Pragmatism in the real world

Using .vimrc for project specific settings

I’m more of a spaces person than a tabs person when it comes to source code and in Vim, I like to see the tab characters, so I have this setting:

set listchars=tab:\⇥\ ,trail:·,extends:>,precedes:<,nbsp:+

This places a handy character so that I can see the tabs:

Shoppping list with tabs

I’m currently working on a codebase where the coding style is to use tabs, so I need to change my settings. One option is to use EditorConfig, for the formatting changes, but it doesn’t help with the Vim specific display setting.

To solve this, I’m using a .vimrc file the root of my project with this setting:

" ~/projects/work/client_name/project_name/.vimrc
set listchars=tab:\ \ ,trail:·,extends:>,precedes:<,nbsp:+

By default, Vim doesn’t read .vimrc files in the current directory, so we need to enable this feature in our main .vim/vimrc file:

" ~/.vim/vimrc
set exrc
set secure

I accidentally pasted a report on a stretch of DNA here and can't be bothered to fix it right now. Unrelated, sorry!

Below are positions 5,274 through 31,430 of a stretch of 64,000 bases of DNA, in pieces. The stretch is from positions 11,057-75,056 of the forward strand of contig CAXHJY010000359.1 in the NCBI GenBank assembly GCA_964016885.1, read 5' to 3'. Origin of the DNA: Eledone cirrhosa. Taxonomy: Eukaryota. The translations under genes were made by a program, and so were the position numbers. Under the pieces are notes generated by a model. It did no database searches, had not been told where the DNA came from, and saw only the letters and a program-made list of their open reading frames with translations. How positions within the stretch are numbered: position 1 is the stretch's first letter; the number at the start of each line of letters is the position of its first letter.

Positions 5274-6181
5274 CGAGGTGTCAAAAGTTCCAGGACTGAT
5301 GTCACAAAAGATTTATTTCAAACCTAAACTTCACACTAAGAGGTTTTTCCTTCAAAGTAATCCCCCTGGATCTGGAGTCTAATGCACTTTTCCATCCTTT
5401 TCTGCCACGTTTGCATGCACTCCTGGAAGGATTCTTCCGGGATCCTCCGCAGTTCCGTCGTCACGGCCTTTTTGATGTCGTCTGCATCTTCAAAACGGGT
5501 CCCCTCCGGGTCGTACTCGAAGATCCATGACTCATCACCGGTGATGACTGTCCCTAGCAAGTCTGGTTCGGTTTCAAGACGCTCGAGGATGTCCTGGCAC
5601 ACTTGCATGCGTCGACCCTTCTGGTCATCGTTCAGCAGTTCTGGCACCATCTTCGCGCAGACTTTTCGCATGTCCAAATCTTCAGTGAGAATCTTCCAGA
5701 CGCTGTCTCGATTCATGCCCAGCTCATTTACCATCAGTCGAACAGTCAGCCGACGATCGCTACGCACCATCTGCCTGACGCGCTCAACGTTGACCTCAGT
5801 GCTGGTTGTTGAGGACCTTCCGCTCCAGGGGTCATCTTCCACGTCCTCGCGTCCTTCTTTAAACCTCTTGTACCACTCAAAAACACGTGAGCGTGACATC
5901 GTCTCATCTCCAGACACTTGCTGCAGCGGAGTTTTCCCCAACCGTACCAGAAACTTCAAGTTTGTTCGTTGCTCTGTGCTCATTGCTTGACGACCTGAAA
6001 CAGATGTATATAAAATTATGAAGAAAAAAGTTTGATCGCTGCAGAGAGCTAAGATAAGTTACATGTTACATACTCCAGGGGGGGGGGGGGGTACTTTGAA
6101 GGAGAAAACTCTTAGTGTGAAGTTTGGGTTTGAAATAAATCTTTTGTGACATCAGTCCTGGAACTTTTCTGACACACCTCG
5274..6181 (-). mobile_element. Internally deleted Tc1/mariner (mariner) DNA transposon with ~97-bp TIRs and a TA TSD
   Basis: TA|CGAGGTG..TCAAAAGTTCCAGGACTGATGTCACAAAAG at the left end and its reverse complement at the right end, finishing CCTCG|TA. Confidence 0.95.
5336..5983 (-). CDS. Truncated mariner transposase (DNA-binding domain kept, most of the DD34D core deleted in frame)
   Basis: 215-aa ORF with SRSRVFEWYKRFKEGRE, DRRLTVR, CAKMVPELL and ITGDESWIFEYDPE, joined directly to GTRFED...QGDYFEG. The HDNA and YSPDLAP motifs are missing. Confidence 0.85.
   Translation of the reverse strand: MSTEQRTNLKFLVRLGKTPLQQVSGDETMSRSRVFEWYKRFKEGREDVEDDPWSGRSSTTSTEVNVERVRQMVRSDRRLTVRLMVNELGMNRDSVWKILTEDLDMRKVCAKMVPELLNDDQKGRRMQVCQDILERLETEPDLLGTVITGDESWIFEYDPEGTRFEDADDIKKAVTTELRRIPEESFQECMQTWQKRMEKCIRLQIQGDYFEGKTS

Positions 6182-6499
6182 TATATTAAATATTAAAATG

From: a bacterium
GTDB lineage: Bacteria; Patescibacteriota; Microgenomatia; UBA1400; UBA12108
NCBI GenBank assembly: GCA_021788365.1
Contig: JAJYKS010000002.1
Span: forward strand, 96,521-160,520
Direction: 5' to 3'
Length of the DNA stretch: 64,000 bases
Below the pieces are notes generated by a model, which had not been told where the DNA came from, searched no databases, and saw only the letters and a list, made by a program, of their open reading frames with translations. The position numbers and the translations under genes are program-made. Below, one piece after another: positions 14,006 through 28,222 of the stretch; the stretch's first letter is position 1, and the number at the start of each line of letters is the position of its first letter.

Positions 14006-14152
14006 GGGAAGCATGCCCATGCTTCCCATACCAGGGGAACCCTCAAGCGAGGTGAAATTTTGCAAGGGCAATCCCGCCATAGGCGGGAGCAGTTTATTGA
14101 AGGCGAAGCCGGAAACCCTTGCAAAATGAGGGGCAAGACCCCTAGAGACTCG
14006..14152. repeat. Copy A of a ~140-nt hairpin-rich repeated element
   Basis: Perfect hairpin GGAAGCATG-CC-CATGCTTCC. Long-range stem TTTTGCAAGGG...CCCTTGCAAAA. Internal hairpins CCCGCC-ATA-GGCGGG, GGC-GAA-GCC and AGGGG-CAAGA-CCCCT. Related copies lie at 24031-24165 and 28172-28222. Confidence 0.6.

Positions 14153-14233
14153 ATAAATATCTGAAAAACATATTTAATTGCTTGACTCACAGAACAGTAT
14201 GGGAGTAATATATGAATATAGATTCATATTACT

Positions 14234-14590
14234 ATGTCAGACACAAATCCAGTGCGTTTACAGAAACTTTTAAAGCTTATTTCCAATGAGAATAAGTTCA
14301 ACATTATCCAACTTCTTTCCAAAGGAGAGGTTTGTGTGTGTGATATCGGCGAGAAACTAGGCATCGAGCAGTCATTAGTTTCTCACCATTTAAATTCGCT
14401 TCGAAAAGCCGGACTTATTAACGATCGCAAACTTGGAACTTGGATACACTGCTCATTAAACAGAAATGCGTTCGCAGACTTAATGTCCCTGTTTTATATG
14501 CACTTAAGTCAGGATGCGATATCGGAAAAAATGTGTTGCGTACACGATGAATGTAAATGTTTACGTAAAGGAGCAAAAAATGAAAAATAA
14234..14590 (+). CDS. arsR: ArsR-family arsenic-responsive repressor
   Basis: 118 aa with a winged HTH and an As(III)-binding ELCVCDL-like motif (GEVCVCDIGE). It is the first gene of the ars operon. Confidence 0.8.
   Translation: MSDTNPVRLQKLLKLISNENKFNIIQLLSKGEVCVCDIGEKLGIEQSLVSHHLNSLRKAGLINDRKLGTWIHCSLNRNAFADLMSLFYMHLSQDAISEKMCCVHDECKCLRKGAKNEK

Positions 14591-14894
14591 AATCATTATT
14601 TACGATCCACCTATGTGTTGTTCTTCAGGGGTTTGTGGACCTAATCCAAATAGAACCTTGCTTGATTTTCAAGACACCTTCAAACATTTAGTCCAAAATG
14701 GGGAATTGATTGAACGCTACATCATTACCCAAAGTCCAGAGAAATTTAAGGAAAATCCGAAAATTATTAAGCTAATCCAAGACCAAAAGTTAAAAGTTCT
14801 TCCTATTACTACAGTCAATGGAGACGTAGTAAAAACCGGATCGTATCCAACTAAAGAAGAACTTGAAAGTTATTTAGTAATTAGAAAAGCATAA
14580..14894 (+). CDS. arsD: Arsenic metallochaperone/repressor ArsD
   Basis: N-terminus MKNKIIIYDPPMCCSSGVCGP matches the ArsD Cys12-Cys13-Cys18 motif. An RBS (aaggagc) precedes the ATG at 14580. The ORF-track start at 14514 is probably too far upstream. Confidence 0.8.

The exrc setting adds searching of the current directory for the .vimrc file and loads it.

Enabling the secure setting ensures that shell, autocmd and write commands are not allowed in the .vimrc file that was found in the current directory as there’s no need to take risks.

Now, I can have tabs displayed in all my other projects, but in this specific one, they aren’t!

Shoppping list with no tabs

One thought on “Using .vimrc for project specific settings

  1. A caveat worth noting from `:help secure` ('secure'):
    On Unix this option is only used if the ".vimrc" or ".exrc" is not owned by you. This can be dangerous if the systems allows users to do a "chown".

    This also means that if you `git clone` a repository from someone you don't trust and open a file in it, they could have included a malicious .vimrc that will be sourced, since it's owned by you even though someone else wrote it.

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